A common theme in discussions among first-generation college students is the “imposter syndrome,” a feeling of inadequacy amid the high expectations for competency at a top-flight school like UCSF. Many come from low-income or working-class families who can’t provide any guidance for this new frontier.

“There’s a way in which, at the graduate level, you’re being socialized into a profession. There are cultures and norms. There are ideas of what professionalism means, there are ideas about how you relate to your advisors or faculty members, ideas about how people network in a particular profession,” Patel explained.

“Sometimes there’s pride about being first-generation, sometimes there’s worry,” she said. “There can be this fear of being somebody who doesn’t know, instead of a confidence that it’s OK to not know and that you belong.”

An Invisible Community Emerges
One of Patel’s main challenges when starting the support program was identifying the first-generation college students on campus – and the mentors who could best help them.

She was surprised by the overwhelming response as people from this “invisible community” came out of the woodwork, eager to participate. More than 100 UCSF leaders, faculty and postdocs who were the first generation to attend college answered an initial call to gather and brainstorm ways to reach out to students.

“I don’t think we would have the kind the support programs that we have today, or that we’re going to have, if leaders weren’t committed to supporting issues of diversity at UCSF, and if we didn’t have faculty and staff who weren’t really generous in their support of students and this community,” Patel said.

Mark Ansel, PhD, an assistant professor in the Department of Microbiology and Immunology, was one of the first to sign onto Patel’s list.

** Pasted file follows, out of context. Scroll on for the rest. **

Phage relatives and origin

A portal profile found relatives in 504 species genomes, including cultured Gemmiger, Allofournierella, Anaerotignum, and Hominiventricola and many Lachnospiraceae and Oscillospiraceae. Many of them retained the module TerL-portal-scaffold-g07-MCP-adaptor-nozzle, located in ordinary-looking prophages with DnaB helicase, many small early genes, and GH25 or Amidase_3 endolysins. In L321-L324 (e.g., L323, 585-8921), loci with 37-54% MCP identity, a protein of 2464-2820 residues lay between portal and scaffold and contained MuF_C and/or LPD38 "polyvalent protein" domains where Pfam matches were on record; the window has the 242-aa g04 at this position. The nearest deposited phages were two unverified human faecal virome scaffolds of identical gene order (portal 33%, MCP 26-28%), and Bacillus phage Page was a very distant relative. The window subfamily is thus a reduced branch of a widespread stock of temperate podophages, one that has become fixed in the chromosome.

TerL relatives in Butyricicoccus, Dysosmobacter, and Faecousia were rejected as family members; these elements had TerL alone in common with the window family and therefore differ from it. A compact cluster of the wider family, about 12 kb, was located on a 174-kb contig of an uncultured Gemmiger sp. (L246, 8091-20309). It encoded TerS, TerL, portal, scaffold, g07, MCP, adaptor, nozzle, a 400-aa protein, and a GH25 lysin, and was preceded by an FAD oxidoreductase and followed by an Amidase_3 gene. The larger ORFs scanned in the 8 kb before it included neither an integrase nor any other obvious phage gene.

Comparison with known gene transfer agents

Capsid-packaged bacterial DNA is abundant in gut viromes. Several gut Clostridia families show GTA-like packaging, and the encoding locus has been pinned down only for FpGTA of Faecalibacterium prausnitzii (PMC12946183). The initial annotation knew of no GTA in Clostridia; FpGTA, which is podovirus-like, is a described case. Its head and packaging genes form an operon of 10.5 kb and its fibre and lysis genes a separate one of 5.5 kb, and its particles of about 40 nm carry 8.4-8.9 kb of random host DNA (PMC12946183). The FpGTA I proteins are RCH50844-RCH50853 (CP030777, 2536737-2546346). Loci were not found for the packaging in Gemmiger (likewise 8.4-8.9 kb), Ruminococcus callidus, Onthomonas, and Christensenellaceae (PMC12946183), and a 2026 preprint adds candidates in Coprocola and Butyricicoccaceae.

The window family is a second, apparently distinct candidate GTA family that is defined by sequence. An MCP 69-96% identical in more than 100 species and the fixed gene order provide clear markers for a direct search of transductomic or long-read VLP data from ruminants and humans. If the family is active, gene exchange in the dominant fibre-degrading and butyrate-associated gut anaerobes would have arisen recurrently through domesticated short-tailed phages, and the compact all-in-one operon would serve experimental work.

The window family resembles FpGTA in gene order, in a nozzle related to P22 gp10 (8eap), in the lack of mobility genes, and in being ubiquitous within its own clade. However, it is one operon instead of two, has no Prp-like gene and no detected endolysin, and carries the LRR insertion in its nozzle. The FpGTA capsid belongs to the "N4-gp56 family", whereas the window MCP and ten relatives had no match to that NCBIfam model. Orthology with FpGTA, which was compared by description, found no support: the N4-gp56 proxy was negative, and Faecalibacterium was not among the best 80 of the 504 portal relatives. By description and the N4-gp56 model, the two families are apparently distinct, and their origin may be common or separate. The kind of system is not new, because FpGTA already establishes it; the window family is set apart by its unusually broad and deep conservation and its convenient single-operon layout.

Raised by working-class parents in a Pennsylvania farming community, Ansel struggled at times to relate with his family about his academic pursuits. “They’re excited that you’re doing so well, but they want to know when you’re going to get a job,” he recalled.

He found professors during his undergraduate years who helped propel him through his academic career and was inspired to offer that help to UCSF students who reminded him of himself.

“When I’ve made it through something like this with mentors who’ve helped me along, I want to acknowledge those mentors but I also want to reach out and give a hand to the people behind me,” said Ansel, who’s participated in faculty panel discussions and one-on-one mentoring sessions.

Fulfilling UCSF’s Mission for Diversity
Another early fan of Patel’s program was Joseph Castro, PhD, vice chancellor of Student Academic Affairs, himself a first-generation college student. Raised by a single mother who came from a long line of farm workers in Mexico, the San Joaquin Valley native described his own first-generation experience as sometimes lonely and he built his own support network by joining student organizations.